Black lives matter, yet they have historically, and until today, too often been discounted, ignored, abused, and destroyed in this nation and throughout the world. When we say “black lives matter”, we are making a statement of fact and a moral statement affirming our shared humanity. Without sharing and understanding the past and present stories of our neighbors, friends, co-workers, partners, teachers, and students, we become susceptible to our individual and collective biases and unwittingly reproduce exclusionary patterns. It is time that we recognize that our lives are morally and historically interconnected and that when black lives are discounted, we are all diminished.
Author and Activist James Baldwin explained,
History, as nearly no one seems to know, is not merely something to be read. And it does not refer merely, or even principally, to the past. On the contrary, the great force of history comes from the fact that we carry it within us, are unconsciously controlled by it in many ways, and history is literally present in all that we do. It could scarcely be otherwise, since it is to history that we owe our frames of reference, our identities, and our aspirations.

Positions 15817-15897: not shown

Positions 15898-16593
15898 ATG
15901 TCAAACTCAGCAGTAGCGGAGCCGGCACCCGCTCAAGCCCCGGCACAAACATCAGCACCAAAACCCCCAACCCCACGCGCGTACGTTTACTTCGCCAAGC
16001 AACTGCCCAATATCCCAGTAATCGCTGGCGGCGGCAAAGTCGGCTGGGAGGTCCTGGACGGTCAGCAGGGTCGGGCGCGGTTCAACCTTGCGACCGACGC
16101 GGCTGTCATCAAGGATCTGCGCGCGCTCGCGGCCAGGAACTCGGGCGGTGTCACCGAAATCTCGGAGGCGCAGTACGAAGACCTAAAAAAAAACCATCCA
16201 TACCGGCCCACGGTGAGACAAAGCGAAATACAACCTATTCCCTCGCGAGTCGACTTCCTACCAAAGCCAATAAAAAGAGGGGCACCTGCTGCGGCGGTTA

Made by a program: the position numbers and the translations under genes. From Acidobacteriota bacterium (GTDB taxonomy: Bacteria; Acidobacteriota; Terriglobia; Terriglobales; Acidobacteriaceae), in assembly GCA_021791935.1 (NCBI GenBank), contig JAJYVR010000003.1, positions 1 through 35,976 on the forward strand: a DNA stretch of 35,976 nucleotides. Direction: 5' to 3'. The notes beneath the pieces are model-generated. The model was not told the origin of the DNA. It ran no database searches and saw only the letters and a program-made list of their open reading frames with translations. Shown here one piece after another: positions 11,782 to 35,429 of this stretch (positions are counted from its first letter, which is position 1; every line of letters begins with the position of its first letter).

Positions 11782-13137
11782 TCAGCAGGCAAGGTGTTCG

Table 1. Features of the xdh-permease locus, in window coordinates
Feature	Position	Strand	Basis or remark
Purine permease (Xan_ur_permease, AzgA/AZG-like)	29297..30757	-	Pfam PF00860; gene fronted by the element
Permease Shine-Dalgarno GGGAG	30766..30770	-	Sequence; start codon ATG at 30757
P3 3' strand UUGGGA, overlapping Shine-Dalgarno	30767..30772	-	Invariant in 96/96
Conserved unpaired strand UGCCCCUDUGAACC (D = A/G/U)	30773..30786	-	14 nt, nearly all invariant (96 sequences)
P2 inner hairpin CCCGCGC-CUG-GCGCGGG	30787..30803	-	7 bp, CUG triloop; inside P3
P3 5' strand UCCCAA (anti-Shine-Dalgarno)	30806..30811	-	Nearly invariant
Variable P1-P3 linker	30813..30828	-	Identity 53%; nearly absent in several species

All of us are indebted to the first African migrants who, over 80,000 years ago, left their birthplace to populate our planet and whose ingenuity helped our species survive. Closer to home are other stories from the African diaspora that hold lessons for us to learn. The forced migration of enslaved Africans to North America, their experiences building lives after the reconstruction amidst unrelenting persecution, prejudice, and violence, the Great Migration of African Americans to the North, and the stories of the generations of black citizens seeking respect, and dignity in the pursuit of happiness are foundational to who we are today. We owe it to all Americans to teach these stories while nurturing habits of mind, heart, and civic engagement, that can unleash the potential of pluralism to strengthen our democracy.
We cannot walk in each other’s shoes and live in each other’s skin; yet, what we can do, as civic agents and educators, is to create welcoming and inclusive environments where we can learn with and from each other.
As poet Maya Angelou reminded us in On the Pulse of Morning:
History, despite its wrenching pain,
Cannot be unlived, and if faced
With courage, need not be lived again